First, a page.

Redefine success and happiness with Jono Fisher
The stories of how successful authors, speakers and entrepreneurs first began their careers are always fascinating. They’re usually tales of running a business behind the school shed, or being intrigued by a particular teaching even as a child, or a crisis that led to an enlightenment. But never before has someone claimed that being a nanny to two small boys was their turning point in life. But Jono Fisher’s story is different in a lot of ways.
As the man behind The Wake Up Project, the very successful Kindness Cards and Mindful Leadership Forums, Fisher is one of Australia’s — and the world’s — leaders in mindfulness. He has managed to entice some of the world’s biggest names to come to Australia for The Wake Up Project, including Eckhart Tolle, Caroline Myss, Dr Brene Brown and Marianne Williamson. And he’s now working with Google on their Search Inside Yourself initiative.
Speak to the man, however, and you find a very considered, softly spoken, kind individual who is still humbled by the success he seems to be having. “It doesn’t feel like a choice for me — it felt like it came upon me. The way I was feeling physically and mentally led me to this and I am really just the vessel.”
A vessel who is now sharing some of the most important messages of our time.
So where did this all begin?
“I was in the corporate world for about 10 years and I got to a point where I was quite unhappy and burnt out and slightly depressed, and I knew that I needed to take a break,” Fisher recounts. “I took a break for what I thought was going to be a couple of months and after a few months realised that I actually didn’t want to go back into the corporate world, but of course I needed to make some cash.
“And so I saw an ad in my local paper to be a male nanny and thought I could do that for a little bit while I go and find my feet and find what I am going to do next.”
The nanny role was to look after two six-year-old boy twins in an affluent family in Sydney. “The first night I got there, I was putting them to bed and one of the boys looked at me and said, ‘I am so glad you are here.’ And I thought, ‘Hmm, OK, I think I am going to be here for a while.’ It was one of those moments when you say, ‘This is an important thing.’”
Fisher would stay on as their nanny for five years.
“Don’t get me wrong — it was a painful time for me in many ways,” he says. “I was a nanny in quite a wealthy household and they would often be having parties and cocktail parties with the who’s-who attending. People would often come up to me and say, ‘So who are you?’ And I’d say, ‘I am the nanny here.’ Nine times out of 10, people would just respond with, ‘Oh’, and then move on.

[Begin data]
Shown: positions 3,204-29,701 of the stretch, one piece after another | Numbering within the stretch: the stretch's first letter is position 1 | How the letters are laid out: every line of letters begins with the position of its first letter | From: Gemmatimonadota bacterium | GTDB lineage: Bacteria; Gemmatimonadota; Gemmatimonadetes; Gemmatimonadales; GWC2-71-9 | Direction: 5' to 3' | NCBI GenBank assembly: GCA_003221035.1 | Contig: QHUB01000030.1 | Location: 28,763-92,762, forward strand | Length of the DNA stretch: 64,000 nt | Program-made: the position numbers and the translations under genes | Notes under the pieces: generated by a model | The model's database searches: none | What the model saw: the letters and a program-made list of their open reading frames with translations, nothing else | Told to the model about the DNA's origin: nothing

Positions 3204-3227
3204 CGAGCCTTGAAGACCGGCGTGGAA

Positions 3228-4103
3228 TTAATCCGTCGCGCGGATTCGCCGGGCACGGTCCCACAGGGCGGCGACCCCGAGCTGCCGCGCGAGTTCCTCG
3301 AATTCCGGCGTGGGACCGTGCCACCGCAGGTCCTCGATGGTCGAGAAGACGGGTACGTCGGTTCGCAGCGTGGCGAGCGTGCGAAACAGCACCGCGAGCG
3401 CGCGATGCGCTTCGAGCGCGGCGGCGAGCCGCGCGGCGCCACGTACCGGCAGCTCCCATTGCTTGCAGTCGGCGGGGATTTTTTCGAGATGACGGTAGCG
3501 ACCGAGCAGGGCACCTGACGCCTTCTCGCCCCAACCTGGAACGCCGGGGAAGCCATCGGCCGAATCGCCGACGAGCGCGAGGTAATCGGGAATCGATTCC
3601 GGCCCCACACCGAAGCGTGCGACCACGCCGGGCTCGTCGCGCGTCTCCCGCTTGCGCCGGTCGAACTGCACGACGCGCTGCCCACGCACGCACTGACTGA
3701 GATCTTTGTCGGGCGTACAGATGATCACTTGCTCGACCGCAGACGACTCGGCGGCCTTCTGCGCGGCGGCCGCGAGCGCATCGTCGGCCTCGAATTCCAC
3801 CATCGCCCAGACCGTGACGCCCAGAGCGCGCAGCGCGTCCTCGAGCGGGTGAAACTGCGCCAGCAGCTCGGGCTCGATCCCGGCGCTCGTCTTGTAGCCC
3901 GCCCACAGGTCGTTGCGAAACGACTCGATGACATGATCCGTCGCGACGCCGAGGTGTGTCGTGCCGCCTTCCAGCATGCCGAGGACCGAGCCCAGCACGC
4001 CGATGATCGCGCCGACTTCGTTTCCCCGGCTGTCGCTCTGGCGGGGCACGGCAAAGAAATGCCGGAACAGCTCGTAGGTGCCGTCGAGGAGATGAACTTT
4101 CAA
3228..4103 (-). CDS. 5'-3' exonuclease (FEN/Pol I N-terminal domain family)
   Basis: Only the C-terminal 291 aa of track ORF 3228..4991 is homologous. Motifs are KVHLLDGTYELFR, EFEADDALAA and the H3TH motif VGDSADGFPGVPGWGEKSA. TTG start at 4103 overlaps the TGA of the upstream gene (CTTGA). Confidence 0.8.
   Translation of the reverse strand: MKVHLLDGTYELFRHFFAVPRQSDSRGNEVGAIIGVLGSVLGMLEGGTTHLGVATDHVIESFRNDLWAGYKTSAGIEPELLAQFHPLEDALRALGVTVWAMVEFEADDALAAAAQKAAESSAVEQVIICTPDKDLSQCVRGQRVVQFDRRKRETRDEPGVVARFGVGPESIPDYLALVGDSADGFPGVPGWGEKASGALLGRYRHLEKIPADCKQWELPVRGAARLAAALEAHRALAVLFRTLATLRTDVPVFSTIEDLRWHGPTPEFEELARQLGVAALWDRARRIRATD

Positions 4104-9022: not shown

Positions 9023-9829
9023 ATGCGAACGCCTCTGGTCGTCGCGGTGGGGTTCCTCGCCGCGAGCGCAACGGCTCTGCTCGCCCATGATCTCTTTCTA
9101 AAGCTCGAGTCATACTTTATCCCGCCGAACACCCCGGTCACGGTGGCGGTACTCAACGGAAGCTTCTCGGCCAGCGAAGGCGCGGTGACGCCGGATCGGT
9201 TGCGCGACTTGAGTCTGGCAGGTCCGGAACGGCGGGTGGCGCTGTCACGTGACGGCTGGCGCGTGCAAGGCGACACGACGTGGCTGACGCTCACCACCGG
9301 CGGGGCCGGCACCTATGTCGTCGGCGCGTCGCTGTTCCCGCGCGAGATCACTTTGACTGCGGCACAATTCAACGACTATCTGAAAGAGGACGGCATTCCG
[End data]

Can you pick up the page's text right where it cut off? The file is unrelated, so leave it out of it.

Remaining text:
“That was a very painful experience for me. It happened time and time again. And from an identity point of view, I would feel like, ‘Wow, I am a nobody.’
“From a social ladder point of view, I had dropped in the eyes of many people and yet I had this relationship with these boys that felt extremely meaningful. At the same time, my inner life was kind of becoming really important to me. So, although that was kind of painful on the outside, there was something else going on internally, which was very healing.”
Fisher says it wasn’t for some months into his time as a nanny that he finally started to feel good about himself again.
“I distinctly remember walking down to the beach and just looking around ... It was like I was seeing everything for the first time — and I felt like a king.”
“I think it was after about a year I had the sense of comfort and ease within my own skin that everything was OK just as it was. I distinctly remember walking down to the beach and just looking around at the trees and everything. It was like I was seeing everything for the first time — and I felt like a king. I don’t mean to be dramatic, but I had a real sense of royalty, like, ‘Wow, I have got everything.’”
From there, the Wake Up Project and the Kindness Cards began. “It really was a time for me to heal and to discover things like meditation, the arts and social change, and things that I never had time to look into. Things that so many busy corporate people don’t have time to look into! And so, after a while, I started to think, ‘Gee, it would be beautiful to bring those things together into some kind of a community.’
And in one of those life-changing moments, he decided to take a chance and book a local cinema for a gathering. He arranged a speaker, a musician and someone to lead a meditation and “hoped that people would come!”
Since that first cinema gathering, Fisher has gone on to bring some of the best spiritual teachers and authors to Australia and has been able to bridge the gap between the gurus and the everyday person more than most in this country.
At the same time as building the events side of the business, Fisher also had the idea of creating kindness cards: a collection of cards posted out for free in exchange for paying it forward to a stranger in a random act of kindness. Since it started, there have been a quarter of a million cards distributed around the world. When asked about the success of the initiative, Fisher says it’s in the small moments the cards have helped someone that he is most humbled.